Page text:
The big ticket items unveiled at this year’s Consumer Electronics Show
A bewildering parade: some of the gadgets unveiled at a global tech event make one question the purpose of such technology
It’s the time of the year when the tech industry unveils its big-ticket items at the annual Consumer Electronics Show (CES) in Las Vegas.
But some of these displays seem more fanciful than serious.
Last year there was a $9,000 toilet (with a heated seat, mind you) and this year didn’t disappoint on that front either. The Kohler Numi 2.0 intelligent toilet turns itself on when it senses you standing next to it. And, of course, it has Alexa integration.
The toilet is a place that gadget manufacturers seem to believe is in need of automation. Charmin, a maker of toilet paper, is now making a wheeled droid to bring you a spare roll of loo paper when you run out. No information was available on whether this wheely wonder knocks before entering, or even if it can open the door, nor whether it can go down stairs to get to the ground floor loo.
An automated vehicle that stole the show was Segway’s prototype lounge-on-wheels, called the S-Pod. It is a self-balancing electric wheelchair. Sadly, the chair, which is designed to keep people secure and right side up, crashed during a demonstration at CES. The rider accelerated the vehicle and crashed into a wall.
It’s worth noting that the chair’s top speed is 38km/h. No-one was hurt during the incident, but egos may have been damaged.
Though we may think technology is advancing purely in the interest of practical solutions for human problems, CES 2020 produced some bizarre and fun things. Did they demonstrate anything that will serve a real purpose?
PuduTech, a Chinese company that designs intelligent delivery robots for the service industry, was an exhibitor. It unveiled BellaBot, a cutesy delivery robot with the face of a cat. BellaBot is part functional, part cute, and pretty much all weird. It has large four-layer trays on which to carry food to patrons in restaurants.
Upon delivery, BellaBot meows at customers to alert them to take their food off its tray. I have never felt the need to be served food by a robot cat, but thanks.
And then there was the demonstration of a self-cleaning litter box for cats, made by Whisker. The $500 litter box is egg-shaped and can sense when the cat is done with its business, after which it rotates to remove the waste. A standard litter tray will set you back R25 — but it won’t have Wi-Fi. Apparently there are some people in the world who love their cat enough to buy it a R7,000 rotating throne.
Because many new gadgets showed off at CES are the first of their kind, they are rarely priced for the public. If you’re planning to get your cat a Wi-Fi-enabled litter box, wait a few years. That’s when the tech will probably be more widely implemented, which is bound to push down the price.
The same goes for Heatbox, the self-heating lunchbox that costs the equivalent of R2,100. Is it the perfect gadget for South Africans when load-shedding strikes?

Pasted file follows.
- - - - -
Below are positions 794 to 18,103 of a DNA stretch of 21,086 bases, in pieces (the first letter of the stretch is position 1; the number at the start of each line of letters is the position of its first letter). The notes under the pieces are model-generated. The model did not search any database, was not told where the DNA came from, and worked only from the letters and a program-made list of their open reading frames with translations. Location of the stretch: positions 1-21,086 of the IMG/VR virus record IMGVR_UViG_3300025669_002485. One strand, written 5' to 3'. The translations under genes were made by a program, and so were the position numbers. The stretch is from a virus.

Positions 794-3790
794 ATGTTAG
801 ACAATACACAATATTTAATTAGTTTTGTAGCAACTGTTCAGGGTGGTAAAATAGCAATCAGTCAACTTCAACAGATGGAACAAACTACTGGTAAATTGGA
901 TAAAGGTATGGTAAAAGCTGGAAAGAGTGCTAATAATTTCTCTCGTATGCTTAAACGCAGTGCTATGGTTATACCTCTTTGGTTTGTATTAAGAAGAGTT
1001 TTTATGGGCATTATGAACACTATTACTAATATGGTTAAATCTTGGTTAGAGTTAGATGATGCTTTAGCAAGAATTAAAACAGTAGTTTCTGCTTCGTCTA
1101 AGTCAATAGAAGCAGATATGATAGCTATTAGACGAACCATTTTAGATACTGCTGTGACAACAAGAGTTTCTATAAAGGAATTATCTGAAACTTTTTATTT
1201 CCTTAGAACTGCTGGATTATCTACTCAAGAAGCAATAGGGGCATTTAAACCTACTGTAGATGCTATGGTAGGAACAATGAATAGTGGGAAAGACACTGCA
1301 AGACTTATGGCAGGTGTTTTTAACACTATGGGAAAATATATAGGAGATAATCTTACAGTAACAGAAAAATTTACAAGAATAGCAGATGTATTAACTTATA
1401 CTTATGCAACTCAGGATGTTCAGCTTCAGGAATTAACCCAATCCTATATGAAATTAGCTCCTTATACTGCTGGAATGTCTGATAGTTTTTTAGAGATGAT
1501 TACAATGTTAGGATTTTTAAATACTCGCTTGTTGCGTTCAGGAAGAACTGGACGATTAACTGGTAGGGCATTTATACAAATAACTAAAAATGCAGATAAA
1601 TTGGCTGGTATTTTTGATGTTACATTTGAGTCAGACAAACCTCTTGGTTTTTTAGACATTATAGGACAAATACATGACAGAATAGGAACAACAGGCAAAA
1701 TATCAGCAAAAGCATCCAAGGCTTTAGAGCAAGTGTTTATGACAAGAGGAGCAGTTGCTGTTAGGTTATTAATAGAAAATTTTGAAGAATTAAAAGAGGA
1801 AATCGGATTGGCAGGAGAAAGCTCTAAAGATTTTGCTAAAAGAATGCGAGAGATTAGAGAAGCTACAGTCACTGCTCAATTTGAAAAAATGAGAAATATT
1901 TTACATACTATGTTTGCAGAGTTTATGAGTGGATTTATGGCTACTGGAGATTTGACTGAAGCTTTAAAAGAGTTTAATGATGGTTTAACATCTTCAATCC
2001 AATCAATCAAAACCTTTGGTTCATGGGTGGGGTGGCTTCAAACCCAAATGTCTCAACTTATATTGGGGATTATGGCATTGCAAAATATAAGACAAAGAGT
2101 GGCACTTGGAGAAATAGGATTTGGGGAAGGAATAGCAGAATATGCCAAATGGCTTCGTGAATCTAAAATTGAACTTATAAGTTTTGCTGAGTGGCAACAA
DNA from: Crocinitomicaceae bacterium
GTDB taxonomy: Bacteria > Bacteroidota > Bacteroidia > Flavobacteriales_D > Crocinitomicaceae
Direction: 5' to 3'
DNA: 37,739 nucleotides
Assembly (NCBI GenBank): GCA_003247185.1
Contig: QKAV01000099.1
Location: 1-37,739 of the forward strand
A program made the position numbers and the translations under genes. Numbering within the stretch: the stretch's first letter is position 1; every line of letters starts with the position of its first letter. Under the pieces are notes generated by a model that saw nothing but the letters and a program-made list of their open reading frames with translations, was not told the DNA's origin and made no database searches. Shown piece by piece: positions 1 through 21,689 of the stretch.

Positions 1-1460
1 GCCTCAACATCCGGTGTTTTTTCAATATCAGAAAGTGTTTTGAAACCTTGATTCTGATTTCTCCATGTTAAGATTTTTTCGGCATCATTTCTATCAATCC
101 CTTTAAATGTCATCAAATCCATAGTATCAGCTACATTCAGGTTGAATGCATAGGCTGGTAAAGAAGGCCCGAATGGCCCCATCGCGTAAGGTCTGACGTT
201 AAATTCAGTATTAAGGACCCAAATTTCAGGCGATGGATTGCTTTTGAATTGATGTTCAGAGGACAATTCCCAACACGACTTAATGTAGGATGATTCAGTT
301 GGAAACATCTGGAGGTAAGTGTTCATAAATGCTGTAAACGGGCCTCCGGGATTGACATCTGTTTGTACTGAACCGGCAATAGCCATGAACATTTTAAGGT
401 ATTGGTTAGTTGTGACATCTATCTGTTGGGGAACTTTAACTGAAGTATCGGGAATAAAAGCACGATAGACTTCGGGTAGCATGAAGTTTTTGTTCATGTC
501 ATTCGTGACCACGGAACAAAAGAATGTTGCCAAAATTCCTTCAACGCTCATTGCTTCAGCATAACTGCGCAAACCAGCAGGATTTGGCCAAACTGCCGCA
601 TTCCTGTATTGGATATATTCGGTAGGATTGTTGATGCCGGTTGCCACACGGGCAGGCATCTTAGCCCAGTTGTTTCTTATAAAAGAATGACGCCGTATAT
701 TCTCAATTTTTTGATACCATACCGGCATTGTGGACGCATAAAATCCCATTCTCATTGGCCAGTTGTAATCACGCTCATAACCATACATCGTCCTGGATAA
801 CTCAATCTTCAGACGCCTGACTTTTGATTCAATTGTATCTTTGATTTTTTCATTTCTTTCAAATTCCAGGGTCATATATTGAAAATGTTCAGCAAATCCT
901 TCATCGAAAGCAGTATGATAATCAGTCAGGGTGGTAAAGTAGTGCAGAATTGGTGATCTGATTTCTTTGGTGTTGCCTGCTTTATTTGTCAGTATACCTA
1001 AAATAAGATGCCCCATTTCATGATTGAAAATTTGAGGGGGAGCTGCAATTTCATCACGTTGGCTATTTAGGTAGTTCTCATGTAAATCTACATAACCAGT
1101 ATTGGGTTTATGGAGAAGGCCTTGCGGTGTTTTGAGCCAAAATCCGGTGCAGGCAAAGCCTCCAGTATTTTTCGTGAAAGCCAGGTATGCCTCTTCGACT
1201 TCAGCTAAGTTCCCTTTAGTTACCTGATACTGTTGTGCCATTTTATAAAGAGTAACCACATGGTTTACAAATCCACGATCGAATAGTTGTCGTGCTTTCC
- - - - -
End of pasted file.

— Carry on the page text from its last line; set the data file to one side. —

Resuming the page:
It will warm your food without needing a microwave or other oven. But one charge will heat up only three lunches. It seems like the useless gadget you never knew you needed.
What you might need, though, is a shark — or that’s what the Chinese company Robosea thinks. It developed an underwater surveillance robot aptly named Robo-Shark, which is just less than 2m in length. Perfect to keep in the pond in the front yard of your lovely Cape Town townhouse, perhaps.
Robo-Shark uses its bionic tail to propel itself through water at speeds of up to 18km/h. Apparently it can be used to execute scientific investigations underwater by means of internal sensors.
As demonstrated by sharky, the word "consumer" in the term "consumer tech" isn’t accurate across the board. Many products showcased at CES turn out to be far more suitable for industry.
Microsoft HoloLens, which is now used to train people in the field of mechanics and those doing heavy physical work, is an example. It is especially true of robotics — very few of the products at the show will end up in our homes; most will carry out industry-related tasks.
Probably the most bizarre of all the robots that came out of CES this year is the Petit Qoobo. We’ve seen Qoobo at tech shows before, and it hasn’t become any easier to understand this trend. Similar to the full-sized Qoobo, Petit Qoobo is a terrifying headless animatronic robot cat pillow with a tail.
Apparently people love it so much they want one to fit in their bag and take it … where? Not only does Petit Qoobo react to touch, it now has a microphone and will move its tail in response to sounds.
The main goal of the show, of course, is to drive new ideas and solve solutions. Hyper-expensive litter boxes may not solve every person’s problem, but they should drive more people to think about solutions in practical, more affordable ways.
And that is what these tech shows should be about.